CHINA – THE FIRST FIAT PAPER MONEY
China deserves a mention for their fiat money even though their use of it is considered a colossal failure by gold standard anti fiat advocates.
What is not pointed out is that every money system has had its failures. In fact, every advance that humanity has made has had failures along the way. Perfection is achieved when the causes of failure are examined and the lessons learned are incorporated.
Take our space program for example. We had all kinds of failures with the early Jupiter rockets as we competed with the Soviets. Did we throw our hands up and run away from creating a system that could orbit satellites?
Of course not.
We looked at the principles involved and knew that we could achieve stable rocketry if we worked out the bugs.
The same applies to fiat money. The principle is sound, but the obstacles to the principle working soundly must be discovered and removed.
China invented paper and was the first to use paper currency that was backed by metals as well as pure fiat money.
Their first paper money was way back in 140 BC though little is known about it outside of the fact it existed.
During the Song dynasty (960-1279 AD), paper money surfaced again. During the reign of Chengtsung in 997-1022, the Chinese beat our bankers to the punch in creating fractional banking and issued more paper money than was covered by bullion. To make sure there was not a run on the money they restricted redemption to once every three years The people called these notes “changelings” to describe their uncertain character. They also called it “flying money.”
Wars that took three quarters of the tax revenues and the increasing bureaucracy made the temptation to print up excessive money too great to resist and they began to suffer from inflation.
They tried to rectify the problem by legalizing metallic money again but this was siphoned off to Korea, Southeast Asia, Japan, and Vietnam leaving the country with a famine of the metallic money supply.
With little money left for redemption in 1189 AD they changed the fractional money with redemption to 100% fiat with no redemption. They seemed to have no other choice.
This was not a planned fiat currency but was a desperate attempt to save their financial system. Attempting to go back to gold, silver and copper didn’t work so maybe a fiat system would.
As one would expect the people felt cheated. They felt lied to for they were told they could redeem their money for coins and now they could not. Obviously in this situation the currency was doomed to failure and by 1197 AD the situation was dire.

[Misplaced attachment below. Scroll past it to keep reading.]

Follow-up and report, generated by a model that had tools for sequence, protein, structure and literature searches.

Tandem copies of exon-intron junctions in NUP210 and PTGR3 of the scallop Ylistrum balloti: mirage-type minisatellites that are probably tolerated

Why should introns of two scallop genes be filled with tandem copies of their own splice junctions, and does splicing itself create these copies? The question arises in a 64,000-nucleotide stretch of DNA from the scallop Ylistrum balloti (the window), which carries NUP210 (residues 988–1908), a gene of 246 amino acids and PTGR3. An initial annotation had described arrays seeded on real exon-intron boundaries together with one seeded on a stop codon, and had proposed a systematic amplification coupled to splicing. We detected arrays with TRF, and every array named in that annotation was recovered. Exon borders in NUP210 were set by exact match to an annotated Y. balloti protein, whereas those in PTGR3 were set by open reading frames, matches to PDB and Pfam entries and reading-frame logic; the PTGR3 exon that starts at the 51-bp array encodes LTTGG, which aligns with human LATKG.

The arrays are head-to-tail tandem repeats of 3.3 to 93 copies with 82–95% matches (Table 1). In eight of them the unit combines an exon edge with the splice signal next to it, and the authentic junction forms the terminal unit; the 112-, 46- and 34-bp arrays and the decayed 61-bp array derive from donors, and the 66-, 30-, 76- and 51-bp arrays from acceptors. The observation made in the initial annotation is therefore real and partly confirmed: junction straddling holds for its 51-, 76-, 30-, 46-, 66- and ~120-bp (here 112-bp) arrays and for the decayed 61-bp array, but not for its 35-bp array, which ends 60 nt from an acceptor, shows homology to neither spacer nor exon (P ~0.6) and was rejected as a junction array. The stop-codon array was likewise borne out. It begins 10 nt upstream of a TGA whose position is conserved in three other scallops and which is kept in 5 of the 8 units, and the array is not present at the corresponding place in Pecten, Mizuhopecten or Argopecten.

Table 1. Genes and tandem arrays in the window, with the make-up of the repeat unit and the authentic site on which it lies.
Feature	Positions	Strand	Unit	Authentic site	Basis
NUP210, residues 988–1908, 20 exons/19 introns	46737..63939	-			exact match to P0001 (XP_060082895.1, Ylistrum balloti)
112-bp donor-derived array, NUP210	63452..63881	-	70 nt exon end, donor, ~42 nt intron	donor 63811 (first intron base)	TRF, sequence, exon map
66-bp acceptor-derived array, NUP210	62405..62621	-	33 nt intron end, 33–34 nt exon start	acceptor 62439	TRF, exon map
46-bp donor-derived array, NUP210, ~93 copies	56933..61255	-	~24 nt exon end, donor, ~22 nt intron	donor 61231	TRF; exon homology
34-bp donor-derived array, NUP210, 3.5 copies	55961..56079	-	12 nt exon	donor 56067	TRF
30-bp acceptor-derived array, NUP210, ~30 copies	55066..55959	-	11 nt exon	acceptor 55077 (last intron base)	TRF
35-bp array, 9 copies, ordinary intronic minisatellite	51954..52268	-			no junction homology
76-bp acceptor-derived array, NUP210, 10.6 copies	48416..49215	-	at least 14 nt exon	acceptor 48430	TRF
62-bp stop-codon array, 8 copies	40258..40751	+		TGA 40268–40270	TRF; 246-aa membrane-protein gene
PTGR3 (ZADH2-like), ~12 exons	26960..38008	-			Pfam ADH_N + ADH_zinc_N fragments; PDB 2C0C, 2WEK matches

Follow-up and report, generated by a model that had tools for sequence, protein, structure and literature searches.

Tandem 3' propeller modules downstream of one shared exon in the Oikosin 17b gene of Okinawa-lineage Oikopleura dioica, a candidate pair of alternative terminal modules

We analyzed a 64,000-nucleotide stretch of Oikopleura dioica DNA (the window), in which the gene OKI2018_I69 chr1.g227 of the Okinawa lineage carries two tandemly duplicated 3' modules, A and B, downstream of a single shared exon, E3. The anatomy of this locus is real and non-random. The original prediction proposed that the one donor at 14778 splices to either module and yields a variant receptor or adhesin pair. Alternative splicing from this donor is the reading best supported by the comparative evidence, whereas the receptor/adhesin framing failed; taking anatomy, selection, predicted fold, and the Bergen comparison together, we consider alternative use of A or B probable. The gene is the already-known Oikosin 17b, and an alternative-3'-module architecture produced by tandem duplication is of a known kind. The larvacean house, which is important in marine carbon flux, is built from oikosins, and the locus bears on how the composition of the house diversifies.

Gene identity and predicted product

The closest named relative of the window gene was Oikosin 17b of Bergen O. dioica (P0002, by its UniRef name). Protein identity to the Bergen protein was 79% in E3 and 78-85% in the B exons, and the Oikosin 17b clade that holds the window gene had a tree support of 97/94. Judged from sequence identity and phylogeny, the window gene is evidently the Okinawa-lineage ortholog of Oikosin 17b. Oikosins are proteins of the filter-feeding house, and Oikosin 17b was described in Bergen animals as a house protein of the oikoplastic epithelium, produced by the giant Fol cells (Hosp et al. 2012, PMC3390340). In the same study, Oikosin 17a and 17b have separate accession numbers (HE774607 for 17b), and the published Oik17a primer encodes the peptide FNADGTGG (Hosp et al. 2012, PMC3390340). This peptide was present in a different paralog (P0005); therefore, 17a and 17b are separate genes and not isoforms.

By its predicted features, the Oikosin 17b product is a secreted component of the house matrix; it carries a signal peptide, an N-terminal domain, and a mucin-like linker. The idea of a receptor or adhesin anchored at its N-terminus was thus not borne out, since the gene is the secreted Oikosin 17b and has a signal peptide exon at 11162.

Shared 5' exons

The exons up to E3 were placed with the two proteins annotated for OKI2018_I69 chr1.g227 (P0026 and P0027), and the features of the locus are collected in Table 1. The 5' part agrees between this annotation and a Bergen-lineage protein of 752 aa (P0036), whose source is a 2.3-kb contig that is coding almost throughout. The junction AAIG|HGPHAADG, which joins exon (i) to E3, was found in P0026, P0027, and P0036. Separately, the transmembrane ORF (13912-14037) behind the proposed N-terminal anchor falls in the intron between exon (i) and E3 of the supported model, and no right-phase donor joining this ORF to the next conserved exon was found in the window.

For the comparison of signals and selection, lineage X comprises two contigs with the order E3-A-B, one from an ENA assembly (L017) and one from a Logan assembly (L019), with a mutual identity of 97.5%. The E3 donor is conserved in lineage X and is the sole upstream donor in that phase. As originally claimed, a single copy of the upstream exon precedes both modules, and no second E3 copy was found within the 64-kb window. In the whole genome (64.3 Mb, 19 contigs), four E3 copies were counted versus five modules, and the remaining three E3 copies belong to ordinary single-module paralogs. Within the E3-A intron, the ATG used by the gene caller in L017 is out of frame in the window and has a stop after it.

In a desperate move they minted coins of all the silver they could get their hands on but inflation just became worse. Nothing seemed to work.
In this weakened state they were invaded and conquered by the Mongols.
Despite the discontent of the people with paper money the Mongols liked the paper money idea and continued with it. When you think of it this comes as no surprise for it has obvious value for convenience alone and that convenience continues to be a positive factor to this day.
In 1260 they passed laws making the use of copper, silver and gold coins illegal while claiming their paper money was backed up with gold, silver and silk floss.
This Yaun Dynasty called the money the “Yaun” which is term is still in use today. This money then gained wide acceptance not only in China but neighboring countries.
Because gold and silver money was illegal the people mainly redeemed the paper money for metals to be used as jewelry, or perhaps as a secure investment. Because of the low redemption rate it appeared the government could issue large amounts of paper and not worry about a run on their reserves.
They didn’t seem to anticipate another problem though which was inflation. They allowed provinces and private enterprise to also issue money which created more problems. Del Mar says:
“Many kinds of paper were in circulation – government, provincial, and private – besides many counterfeits; and the government was powerless to limit the circulation. The notes therefore continued to depreciate.”
A History of Money in Ancient Countries from the Earliest Times to the Present By Aleander del Mar Page 31
This system sounds like a combination the U.S. monetary policy in the 19th century and FDR after 1933. In 19th century America there were many private banks issuing many different versions of banknotes some securely backed and others fraudulent or counterfeit. Then after 1933 U.S. citizens were forbidden to own gold and use it as money but the dollar was supposedly backed by gold.
By 1351 a monetary crises was exacerbated and reform was attempted, again with no positive results. The Yuan Dynasty fell and was replaced by emperor Hongwu the first of the Ming Dynasty.
Even though paper money had major problems from the beginning Hongwu decided to use it again, but this time with a communist style very authoritarian approach controlling all aspects of life. They prohibited the citizens from using gold and silver as money and in 1374 AD created a fiat currency, this time backed by nothing but the authority of the emperor. Even though the money was not backed they tried to create the illusion of it being backed by assigning the notes, called “Da Ming baochao,” a value equal to one ounce of silver or a quarter ounce of gold. The people didn’t buy this and seemed to think the emperor was pulling a fast one on them.